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South Carolina Department of Education

South Carolina Department of Education 

South Carolina Department of Education (SDE) is the state board of education department. It is located in Columbia in the Rutledge Building. The department is governed by a politically appointed Superintendent of Education, presently Molly Spearman. The SDE also serves as the agency that coordinates testing and educational policy for the entire state. Most recently, SDE decided to end its contract with the School Reform Association of South Carolina (SRCAS) effective July 1st.

In 2021, SRCAS brought a suit against the Department of Education charging that the SDE had in essence been guilty of practising inconsistent policy with regard to school reform initiatives. This suit accused the Department of Education of violating the state constitutional provision requiring the separation of powers. Among other things, the suit charged that the SDE had failed to provide notice that its schools had been placed under a specific category of schools that were required to undergo state-mandated busing policies under a new school reform initiative. Further, the suit stated that the Department of Education had failed to abide by a plan provided by the General Assembly that would guarantee the regular attendance of all children across the State of South Carolina regardless of the cause of their departure from school.

Most school reform initiatives have been met with resistance from tea party organizations and political pundits. Yet, this case is quite different. The current school crisis began with the poor performance of the school system in the days prior to the passage of the No Child Left Behind Act (NCLB). This legislation is designed to make drastic changes to the way our nation's schools function.

Opponents of the reforms argue that this is the wrong approach for education. Rather than focusing on making our schools more rigid and ineffective, this approach makes our schools more inefficient overall. Furthermore, proponents of the NCLB argue that we must continue to rely on the No Child Left Behind reforms until we fix our country's failing school system. Proponents of the reform remain firm in their belief that this is the best possible solution for fixing our troubled public schools.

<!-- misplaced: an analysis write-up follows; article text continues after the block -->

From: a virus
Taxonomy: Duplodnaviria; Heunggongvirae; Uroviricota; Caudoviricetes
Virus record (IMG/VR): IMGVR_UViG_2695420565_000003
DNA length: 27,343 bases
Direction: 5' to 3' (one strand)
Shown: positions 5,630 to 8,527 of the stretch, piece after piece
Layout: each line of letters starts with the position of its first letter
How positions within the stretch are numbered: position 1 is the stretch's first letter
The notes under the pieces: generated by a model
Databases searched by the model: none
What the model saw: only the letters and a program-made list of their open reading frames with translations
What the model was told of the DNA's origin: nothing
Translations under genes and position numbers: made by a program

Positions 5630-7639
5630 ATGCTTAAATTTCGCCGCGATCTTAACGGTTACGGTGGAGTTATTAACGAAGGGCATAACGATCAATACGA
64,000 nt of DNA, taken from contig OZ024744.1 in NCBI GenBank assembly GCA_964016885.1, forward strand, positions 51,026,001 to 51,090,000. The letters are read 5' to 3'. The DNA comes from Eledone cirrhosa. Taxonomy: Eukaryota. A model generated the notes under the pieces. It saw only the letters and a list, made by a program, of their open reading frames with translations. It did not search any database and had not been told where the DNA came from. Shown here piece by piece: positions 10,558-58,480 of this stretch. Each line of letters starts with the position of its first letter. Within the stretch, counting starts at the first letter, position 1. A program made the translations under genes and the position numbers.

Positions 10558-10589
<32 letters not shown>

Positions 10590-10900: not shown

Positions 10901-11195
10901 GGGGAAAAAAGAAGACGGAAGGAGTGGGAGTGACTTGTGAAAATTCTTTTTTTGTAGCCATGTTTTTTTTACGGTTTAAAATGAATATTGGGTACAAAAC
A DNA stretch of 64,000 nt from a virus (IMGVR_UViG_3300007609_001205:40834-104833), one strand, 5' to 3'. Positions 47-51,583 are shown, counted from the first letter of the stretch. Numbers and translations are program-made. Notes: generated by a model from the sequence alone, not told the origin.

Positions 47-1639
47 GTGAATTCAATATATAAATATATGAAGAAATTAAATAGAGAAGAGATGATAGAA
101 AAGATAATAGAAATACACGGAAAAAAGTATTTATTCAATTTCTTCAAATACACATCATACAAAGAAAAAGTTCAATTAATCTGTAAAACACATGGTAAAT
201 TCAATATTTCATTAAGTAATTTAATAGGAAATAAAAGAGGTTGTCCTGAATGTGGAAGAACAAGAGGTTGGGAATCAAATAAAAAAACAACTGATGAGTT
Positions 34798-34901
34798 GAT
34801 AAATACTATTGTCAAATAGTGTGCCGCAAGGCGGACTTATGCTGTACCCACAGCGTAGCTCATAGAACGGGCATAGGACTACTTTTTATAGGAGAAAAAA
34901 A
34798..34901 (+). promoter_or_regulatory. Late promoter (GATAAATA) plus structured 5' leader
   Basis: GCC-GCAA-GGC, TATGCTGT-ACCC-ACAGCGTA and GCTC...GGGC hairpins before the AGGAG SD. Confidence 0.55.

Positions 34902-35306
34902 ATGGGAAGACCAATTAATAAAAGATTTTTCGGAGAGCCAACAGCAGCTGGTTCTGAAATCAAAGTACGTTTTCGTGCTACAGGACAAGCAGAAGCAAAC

The State Board of Education has also been accused of operating as an exclusively political entity rather than a business. This allegation is unfounded, and the State Board has taken steps to ensure that political influences do not sway its decision-making process. In addition to these steps, the State Board has taken certain actions to ensure that its meetings are open and free of interference from outside sources. In addition to its meetings being open to the public, the State Board has decided to make these meetings available to the media.

As was detailed in the complaint filed against the State Board, the current chairperson of the Board was involved in political campaign activities during the time she served on the bench. In addition to serving as a judge during the last two terms on the court, she also was the president of a local political party. More importantly, according to the complaint, she failed to disclose her connection to this political action to the State Board when she was considered for a position in that office. The State Board has determined that the former chairwoman deliberately violated the State's Conflicts of Interest Policy by concealing her political ties to the political party she was serving on.

These facts are what led attorney John Whitaker to file a complaint on behalf of the parents of one of our county's students, as well as to convene a class-action suit against the State Board of Education. According to the complaint, the State Board intentionally tried to stave off the lawsuit by placing conditions on the release of the records. These conditions included a request that the complainants release the information through a waiver of confidentiality. The State Board further instructed the complainants to refrain from taking any further action, including discussing the case with anyone other than their attorneys. All of these conditions were cited as being clearly designed to prevent any review of the case.

Once the case was sealed, we were informed by the complaint that the State Board was engaging in a campaign to "smuggle" the complaint into an obscure area of the court system. The State Board did not inform the complainants that their suit would be sealed and they were not even told that they could discuss the case with an outside party. In other words, the State Board effectively said to the parents that if they want to pursue their lawsuit, they must stop talking to us. We believe that this is wrong and intend to appeal the court's denial of the initial filing of the complaint. In the meantime, it is important to note that the complaint was filed under the appropriate statutes for the State of Florida and was filed in the appropriate court. The complaint should have been filed with the County Court for the County of Seminole, which had jurisdiction over the matter.

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